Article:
For the month of July, author Gretchen Rubin focused her Happiness Project on “Money (buy some happiness).”

Specifically, her goals were:

  • Indulge in a modest splurge
  • Buy needful things
  • Spend out
  • Give something up

*Please note that this was one of twelve months devoted to an exploration of happiness, and in my mind not at all one of the most important. But it’s an interesting topic to reflect on, if only for a short period of time.*

I’d like to think I have a pretty good relationship with money. That might be because I’ve never had to worry about it excessively (which is absolutely not to say that I haven’t worked for it.). I actually drafted most of this post as my financial history, from childhood to date, but then realized I was getting a bit off track…so I’ll save it for another day!

Long story short, I think you can live on a very low income and be a happy person. I also think you can be a miserable millionaire. But I agree with Rubin that money can, to some degree, buy a bit of happiness.

Making charitable donations certainly gives me a high. Surprising a departing colleague with an item that she had been coveting definitely lifted my mood. Taking my parents to dinner for their 40th anniversary was very special. Spending on experiences (trips, concert tickets, restaurants) can not only bring some joy in the moment, but also some lasting memories. And, I will admit, some material purchases bring happiness too.

Recent example: my husband took me shopping on the weekend to pick out my birthday gifts (we both like this deal). First we stopped to purchase some accessories for the bathroom we’re renovating. Now that is a MAJOR expenditure, but it’s already bringing me happiness, and all I can see at the moment is the new paint colour. I know the novelty will fade away, but I will always be pleased to have a beautiful, updated bathroom.

Next was Chapters, where several of my students pre-purchased me some happiness with their end-of-year gift cards (I’m usually all about the library, so this was especially fun). I bought the books shown below, and have already finished Sharp Objects (great book!) Again, these books will be read and passed along within weeks, but I believe that the momentary happiness of reading by the pool is extended because those characters and stories remain with me.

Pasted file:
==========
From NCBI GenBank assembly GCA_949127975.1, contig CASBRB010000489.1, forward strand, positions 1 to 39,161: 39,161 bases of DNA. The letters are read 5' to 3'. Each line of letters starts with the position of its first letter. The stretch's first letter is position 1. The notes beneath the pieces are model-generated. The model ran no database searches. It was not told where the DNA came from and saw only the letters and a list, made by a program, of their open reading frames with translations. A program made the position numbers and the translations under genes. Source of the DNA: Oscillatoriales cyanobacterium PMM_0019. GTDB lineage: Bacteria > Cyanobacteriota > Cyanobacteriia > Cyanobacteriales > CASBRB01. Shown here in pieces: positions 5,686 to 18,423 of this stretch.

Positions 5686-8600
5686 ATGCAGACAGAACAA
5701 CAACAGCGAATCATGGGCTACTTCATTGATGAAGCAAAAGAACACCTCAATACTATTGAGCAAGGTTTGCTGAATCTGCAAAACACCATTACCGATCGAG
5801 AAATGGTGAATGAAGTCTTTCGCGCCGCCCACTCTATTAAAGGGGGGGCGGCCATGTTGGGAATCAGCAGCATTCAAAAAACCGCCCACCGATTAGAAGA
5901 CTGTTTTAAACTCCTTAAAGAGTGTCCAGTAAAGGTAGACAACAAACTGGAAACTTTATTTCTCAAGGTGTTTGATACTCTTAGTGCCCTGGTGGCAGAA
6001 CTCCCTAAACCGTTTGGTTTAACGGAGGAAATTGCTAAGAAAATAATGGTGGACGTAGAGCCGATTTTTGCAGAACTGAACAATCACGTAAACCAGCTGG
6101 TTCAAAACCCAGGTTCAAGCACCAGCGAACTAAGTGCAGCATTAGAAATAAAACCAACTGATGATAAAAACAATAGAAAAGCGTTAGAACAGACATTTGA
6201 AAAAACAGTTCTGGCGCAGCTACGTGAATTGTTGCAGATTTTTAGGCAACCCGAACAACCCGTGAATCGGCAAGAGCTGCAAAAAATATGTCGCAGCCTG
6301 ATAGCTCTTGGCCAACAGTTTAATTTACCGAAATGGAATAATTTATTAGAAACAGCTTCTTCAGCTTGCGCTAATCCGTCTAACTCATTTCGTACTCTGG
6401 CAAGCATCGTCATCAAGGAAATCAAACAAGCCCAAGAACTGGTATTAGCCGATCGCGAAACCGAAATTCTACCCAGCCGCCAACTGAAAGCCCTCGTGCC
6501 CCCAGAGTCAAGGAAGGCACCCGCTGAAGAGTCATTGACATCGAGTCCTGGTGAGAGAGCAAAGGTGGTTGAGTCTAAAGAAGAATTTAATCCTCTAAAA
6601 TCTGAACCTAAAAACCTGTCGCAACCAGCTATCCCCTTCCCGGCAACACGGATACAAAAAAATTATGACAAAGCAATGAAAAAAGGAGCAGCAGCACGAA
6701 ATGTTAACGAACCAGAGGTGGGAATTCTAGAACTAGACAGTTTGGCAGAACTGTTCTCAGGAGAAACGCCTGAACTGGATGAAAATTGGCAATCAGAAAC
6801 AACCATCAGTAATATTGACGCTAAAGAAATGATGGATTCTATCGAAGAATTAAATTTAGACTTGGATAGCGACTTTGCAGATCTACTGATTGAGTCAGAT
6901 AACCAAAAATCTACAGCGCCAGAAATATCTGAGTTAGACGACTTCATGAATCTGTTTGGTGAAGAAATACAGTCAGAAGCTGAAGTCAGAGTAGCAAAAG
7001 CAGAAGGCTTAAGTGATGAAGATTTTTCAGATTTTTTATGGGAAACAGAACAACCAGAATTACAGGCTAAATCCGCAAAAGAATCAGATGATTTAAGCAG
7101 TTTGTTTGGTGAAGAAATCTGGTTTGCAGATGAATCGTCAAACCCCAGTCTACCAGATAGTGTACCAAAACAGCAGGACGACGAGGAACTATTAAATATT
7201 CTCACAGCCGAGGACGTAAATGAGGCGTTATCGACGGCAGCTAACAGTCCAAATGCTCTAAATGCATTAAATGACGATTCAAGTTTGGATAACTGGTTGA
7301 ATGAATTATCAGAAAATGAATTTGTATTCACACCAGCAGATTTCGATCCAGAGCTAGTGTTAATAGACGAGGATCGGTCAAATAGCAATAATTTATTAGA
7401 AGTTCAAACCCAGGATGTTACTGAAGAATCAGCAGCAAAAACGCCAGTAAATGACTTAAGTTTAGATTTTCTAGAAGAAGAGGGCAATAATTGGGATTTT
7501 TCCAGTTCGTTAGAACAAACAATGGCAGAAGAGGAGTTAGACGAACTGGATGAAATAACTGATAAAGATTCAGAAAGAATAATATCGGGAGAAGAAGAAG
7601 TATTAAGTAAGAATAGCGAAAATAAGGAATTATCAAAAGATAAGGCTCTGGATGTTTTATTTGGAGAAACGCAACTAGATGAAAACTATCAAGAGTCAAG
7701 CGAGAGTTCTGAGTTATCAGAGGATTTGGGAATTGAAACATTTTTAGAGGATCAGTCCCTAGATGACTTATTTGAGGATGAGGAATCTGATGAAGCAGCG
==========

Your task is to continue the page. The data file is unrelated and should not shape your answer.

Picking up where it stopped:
I am not ashamed to admit that for my birthday, I also wanted some “stuff”. Two new tops, some accessories (all from cheap stores) and a brand new bag. While this is one of the few areas where I like to splurge (my Louis Vuitton and Coach bags, for example) I’ve been wanting something colourful for summer, and this Ricki’s purse (regularly $39.95 but with 40% off when we were there) fit the bill just fine. I’ve only been using it for two days (yes, it was supposed to be a birthday gift but I couldn’t wait) and I know I smile every time I go to pick it up.

Coincidentally, as I was writing this post on the treadmill (there’s no way to measure the health/happiness that big purchase has brought me) Frannie walked by and remarked “I love my iPod. I’m so glad I bought it.” That was the most expensive item she’s ever purchased, but already she’s had so much fun with it, and was also able to stay connected to her best friend after a surgery at Sick Kids and several weeks of recovery at home.

Money also buys happiness in the sense that it can buy me time. During the school year, we have a cleaning lady come for two hours a week to tackle the main jobs. Of course I still clean my house (if you know me, you know that once a week doesn’t really cut it) but unless there are any big spills, I don’t scrub my floors while I’m teaching. That’s happiness, not because I desperately hate floor scrubbing, but because it gives me more time for other to-do’s (or want to-do’s).

I totally believe experiences make people happy. Of course there are many things you can do that don’t cost a cent, but Jamaica (for example) is not one of them. I have a few great blog experiences happening this month – two for the family that aren’t costing us money, but usually would, and two that I’m doing on my own that don’t cost anything except gas for my vehicle. I fully expect that these events will be highlights of July…but along with celebrating my birthday with family and friends (I’m referring to the time together, not the gifts), hanging around the pool with my girls, and sleeping in just a little bit…all of which are free, and priceless.

Do you think money makes you happy? What expenditure has brought you the most happiness? (Comments make me very happy, and they’re free too!)

Leave a Reply

Your email address will not be published. Required fields are marked *